Shifting Phases's Reviews > I Won't Learn from You!: The Role of Assent in Learning

I Won't Learn from You! by Herbert R. Kohl
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Kohl discusses the possibility that students sometimes choose not to learn things. It can be hard to tell the difference between a student who wants to learn and isn't getting the right support, and a student who is strategically choosing not to learn something, but both are possible. It brings up some (possibly unanswerable) questions about what "choice" actually is (choice in the face of coercion and choice in the face of lack of viable alternatives, as we so often see in schools, start to blur the definition). He begins by telling the story of his childhood decision to consciously avoid learning Hebrew. He goes on to explore the role of assent in learning.

p. 15: "Failure is characterized by the frustrated will to know, whereas not-learning involves the will to refuse knowledge. Failure results from a mismatch between what the learner wants to do and is able to do. ... the results of failure are most often a loss of self-confidence accompanied by a sense of inferiority and inadequacy. Not-learning produces thoroughly different effects. It tends to strengthen the will, clarify one's definition of self, reinforce self-discipline, and provide inner satisfaction. Not-learning can also get one in trouble if it results in defiance or a refusal to become socialized in ways that are sanctioned by dominant authority."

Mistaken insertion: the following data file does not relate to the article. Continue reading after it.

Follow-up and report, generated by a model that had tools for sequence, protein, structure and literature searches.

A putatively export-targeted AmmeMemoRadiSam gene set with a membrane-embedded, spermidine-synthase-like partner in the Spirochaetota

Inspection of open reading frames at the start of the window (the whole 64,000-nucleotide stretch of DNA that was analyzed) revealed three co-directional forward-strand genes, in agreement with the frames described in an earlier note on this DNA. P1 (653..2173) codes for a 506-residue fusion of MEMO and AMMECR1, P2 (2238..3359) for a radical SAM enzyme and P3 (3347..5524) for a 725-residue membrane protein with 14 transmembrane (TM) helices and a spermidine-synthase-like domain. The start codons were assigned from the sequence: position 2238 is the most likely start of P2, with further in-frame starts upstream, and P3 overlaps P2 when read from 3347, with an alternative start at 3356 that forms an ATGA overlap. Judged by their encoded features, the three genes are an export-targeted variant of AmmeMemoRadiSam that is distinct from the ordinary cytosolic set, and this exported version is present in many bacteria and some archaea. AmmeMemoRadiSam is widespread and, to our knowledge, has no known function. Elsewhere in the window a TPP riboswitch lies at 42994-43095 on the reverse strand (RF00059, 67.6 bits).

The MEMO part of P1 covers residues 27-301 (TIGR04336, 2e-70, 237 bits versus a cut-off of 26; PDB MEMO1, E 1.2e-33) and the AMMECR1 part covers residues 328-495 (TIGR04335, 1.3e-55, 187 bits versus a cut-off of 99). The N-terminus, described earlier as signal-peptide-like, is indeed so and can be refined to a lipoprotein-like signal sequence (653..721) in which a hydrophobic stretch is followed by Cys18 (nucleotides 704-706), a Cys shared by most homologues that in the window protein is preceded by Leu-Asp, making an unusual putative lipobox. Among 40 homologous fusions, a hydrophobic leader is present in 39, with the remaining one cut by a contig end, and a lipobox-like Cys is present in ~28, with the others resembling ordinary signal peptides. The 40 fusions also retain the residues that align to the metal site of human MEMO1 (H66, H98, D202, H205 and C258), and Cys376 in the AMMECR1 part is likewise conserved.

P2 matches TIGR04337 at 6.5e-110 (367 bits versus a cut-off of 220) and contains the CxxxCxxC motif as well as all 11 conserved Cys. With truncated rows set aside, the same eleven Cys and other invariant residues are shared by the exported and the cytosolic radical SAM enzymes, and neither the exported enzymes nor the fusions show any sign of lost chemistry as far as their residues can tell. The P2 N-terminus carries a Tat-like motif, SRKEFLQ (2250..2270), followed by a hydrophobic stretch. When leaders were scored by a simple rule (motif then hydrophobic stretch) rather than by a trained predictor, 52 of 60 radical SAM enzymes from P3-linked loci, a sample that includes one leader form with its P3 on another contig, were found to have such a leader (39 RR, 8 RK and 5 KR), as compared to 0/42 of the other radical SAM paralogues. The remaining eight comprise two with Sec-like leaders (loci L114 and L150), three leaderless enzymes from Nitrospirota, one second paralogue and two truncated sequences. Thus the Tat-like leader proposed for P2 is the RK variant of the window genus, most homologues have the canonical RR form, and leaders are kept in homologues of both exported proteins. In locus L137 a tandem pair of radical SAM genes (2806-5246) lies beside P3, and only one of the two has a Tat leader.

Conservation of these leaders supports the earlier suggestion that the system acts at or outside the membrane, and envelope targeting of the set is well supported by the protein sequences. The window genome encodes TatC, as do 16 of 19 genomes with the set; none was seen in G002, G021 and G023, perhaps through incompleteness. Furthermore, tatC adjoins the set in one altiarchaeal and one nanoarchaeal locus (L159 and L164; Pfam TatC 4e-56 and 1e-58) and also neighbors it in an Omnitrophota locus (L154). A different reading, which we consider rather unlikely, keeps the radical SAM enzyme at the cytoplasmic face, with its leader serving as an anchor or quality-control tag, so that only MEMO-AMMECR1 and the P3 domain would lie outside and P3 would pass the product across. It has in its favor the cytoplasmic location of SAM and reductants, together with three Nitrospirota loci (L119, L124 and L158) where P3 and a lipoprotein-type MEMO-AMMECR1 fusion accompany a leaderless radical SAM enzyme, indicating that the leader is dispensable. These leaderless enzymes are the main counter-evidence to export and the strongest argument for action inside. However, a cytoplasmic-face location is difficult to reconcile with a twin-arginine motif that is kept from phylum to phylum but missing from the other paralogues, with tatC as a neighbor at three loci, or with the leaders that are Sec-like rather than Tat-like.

(may be caused by "challenges to her or his personal and family loyalties, integrity, and identity." Somebody needs to do some gender analysis about boys who get lower grades in school than girls yet somehow go on to be successful in larger numbers in the most selective and highest-paying jobs. Maybe schools aren't "failing boys," as some claim...)

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Reading Progress

July 8, 2011 – Shelved
Started Reading
July 9, 2011 – Finished Reading

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